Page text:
Population Research and Policy Review 23: 135–159, 2004.
© 2004 Kluwer Academic Publishers. Printed in the Netherlands.
The relative stability of cohabiting and marital unions for
WENDY D. MANNING
, PAMELA J. SMOCK
Department of Sociology & Center for Family and Demographic Research, Bowling Green
State University, Ohio, USA;
Department of Sociology & Population Studies Center, The
University of Michigan, Ann Arbor, Michigan, USA;
Department of Sociology, Southwest
Texas State University, San Marcos, Texas, USA
Abstract. Children are increasingly born into cohabiting parent families, but we know little to
date about the implications of this family pattern for children’s lives. We examine whether chil-
dren born into premarital cohabitation and ﬁrst marriages experience similar rates of parental
disruption, and whether marriage among cohabiting parents enhances union stability. These
issues are important because past research has linked instability in family structure with lower
levels of child well-being. Drawing on the 1995 National Survey of Family Growth, we ﬁnd
that white, black and Hispanic children born to cohabiting parents experience greater levels
of instability than children born to married parents. Moreover, black and Hispanic children
whose cohabiting parents marry do not experience the same levels of family stability as those
born to married parents; among white children, however, the marriage of cohabiting parents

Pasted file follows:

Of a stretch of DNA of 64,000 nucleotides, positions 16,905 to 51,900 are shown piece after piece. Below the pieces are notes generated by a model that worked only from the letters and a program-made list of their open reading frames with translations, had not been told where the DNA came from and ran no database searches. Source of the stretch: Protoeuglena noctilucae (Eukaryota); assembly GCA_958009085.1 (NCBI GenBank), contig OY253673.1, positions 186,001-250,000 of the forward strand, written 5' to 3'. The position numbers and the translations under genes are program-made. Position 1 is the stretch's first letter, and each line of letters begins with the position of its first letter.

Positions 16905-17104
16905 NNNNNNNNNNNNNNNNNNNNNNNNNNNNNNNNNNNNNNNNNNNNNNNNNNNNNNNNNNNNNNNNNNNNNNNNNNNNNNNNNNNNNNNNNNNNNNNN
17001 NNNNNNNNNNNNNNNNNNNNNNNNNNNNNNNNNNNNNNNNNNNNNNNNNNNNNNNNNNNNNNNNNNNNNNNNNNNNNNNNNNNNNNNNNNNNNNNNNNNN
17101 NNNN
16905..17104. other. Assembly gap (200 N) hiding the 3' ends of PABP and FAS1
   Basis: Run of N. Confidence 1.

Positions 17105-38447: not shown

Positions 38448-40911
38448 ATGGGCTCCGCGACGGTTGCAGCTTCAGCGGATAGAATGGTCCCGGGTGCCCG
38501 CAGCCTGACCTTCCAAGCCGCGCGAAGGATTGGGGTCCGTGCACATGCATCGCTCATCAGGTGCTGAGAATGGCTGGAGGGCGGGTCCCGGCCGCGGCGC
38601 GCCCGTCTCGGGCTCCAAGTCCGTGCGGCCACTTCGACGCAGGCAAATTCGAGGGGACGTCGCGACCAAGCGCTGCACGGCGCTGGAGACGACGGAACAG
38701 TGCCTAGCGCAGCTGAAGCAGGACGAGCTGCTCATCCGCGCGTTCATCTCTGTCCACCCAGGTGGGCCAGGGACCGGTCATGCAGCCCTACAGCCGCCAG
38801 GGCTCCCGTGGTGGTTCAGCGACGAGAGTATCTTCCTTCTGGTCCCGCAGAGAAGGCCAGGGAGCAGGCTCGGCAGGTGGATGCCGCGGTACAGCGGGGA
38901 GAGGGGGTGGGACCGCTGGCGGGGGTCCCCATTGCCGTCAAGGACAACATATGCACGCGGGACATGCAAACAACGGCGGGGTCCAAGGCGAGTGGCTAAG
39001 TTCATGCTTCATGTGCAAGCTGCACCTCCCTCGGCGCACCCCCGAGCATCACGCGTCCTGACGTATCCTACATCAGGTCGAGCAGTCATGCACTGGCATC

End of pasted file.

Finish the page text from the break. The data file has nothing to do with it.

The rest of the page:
raises levels of family stability to that experienced by children born in marriage. The ﬁndings
from this paper contribute to the debate about the beneﬁts of marriage for children.
Keywords: Children, Cohabitation, Divorce, Family structure, Marriage, Race and ethnicity
Cohabitation has become an increasingly common family form in the United
States. Over half of young adults have cohabited, and cohabitation is now the
typical path to marriage (Bumpass & Lu 2000; Bumpass 1998). While co-
habitation is popularly viewed as a childless union, increasingly children are
being born or raised in cohabiting parent families (Casper & Bianchi 2002;
Manning 2001; Bumpass & Lu 2000). Estimates suggest that approximately
two-ﬁfths of all children will live in a cohabiting family at some point before
adulthood (Bumpass & Lu 2000).
Despite the increase in children’s experience of cohabitation, relatively
little is known about the implications of cohabitation for children’s well-being
(Manning 2002; Smock 2000). One fundamental dimension of well-being
to evaluate is the relative stability of cohabitation and marriage from the
viewpoint of children. A large body of literature demonstrates that family
An earlier draft of this paper was presented at the annual meeting of the National Council
on Family Relations in Minneapolis, Minnesota on 11 November 2000.